Barbara said Bryce's values of "honesty, integrity and fairness" came mostly from his grandmother, who raised him after he was "agisted out" to her to get away from "the alcoholic violence" of his father.
But his father was also a strong trade unionist, and Bryce also imbibed the social justice teachings of a Catholic upbringing.
Bryce walked away from the church as a young man.
To much laughter, Barbara told the service that it "wasn't me who brought him undone", but they were newly married and when Bryce asked about using birth control, the priest said "no".
"He never went back to the church," Barbara said.
Daughters Justine and Brooke also reflected on their father and his influence on them and others, while Brooke's daughter Hannah - one of four Gaudry grandchildren - was tearful as she spoke of her "grandpa".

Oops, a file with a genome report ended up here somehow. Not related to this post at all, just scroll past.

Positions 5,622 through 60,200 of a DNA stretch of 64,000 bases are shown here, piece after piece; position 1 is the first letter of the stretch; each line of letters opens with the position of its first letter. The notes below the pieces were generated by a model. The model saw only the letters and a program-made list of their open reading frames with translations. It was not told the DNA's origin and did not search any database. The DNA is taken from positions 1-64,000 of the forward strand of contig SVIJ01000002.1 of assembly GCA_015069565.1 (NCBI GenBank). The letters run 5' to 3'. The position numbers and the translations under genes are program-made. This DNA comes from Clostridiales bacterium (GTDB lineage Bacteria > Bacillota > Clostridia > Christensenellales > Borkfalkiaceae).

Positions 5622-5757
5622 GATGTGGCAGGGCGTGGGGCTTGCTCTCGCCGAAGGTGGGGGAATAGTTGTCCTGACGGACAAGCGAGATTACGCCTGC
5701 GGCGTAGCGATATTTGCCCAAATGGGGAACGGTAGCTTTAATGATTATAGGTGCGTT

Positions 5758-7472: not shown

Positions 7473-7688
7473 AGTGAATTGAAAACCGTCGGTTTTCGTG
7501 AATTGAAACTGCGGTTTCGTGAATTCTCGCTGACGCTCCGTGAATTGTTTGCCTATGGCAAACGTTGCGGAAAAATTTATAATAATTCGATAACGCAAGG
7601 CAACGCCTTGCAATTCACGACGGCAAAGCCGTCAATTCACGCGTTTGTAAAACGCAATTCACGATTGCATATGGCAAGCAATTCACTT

Barbara said Bryce's determination to follow his own moral compass cost him progression within the ALP, which was why he decided to stand as an Independent candidate at the 2006 election after he was pushed aside by head office.
He was always motivated by working for, consulting with and standing up for his communityBarbara Gaudry on husband Bryce
Ray Kelly spoke movingly of a man he described as "a brother, because that's how he embraced me".
He talked about marching together during NAIDOC week, and how he had met "so many wonderful people in Newcastle" after escaping from an Armidale life of "division, exclusion, fear and anger that made me feel ashamed".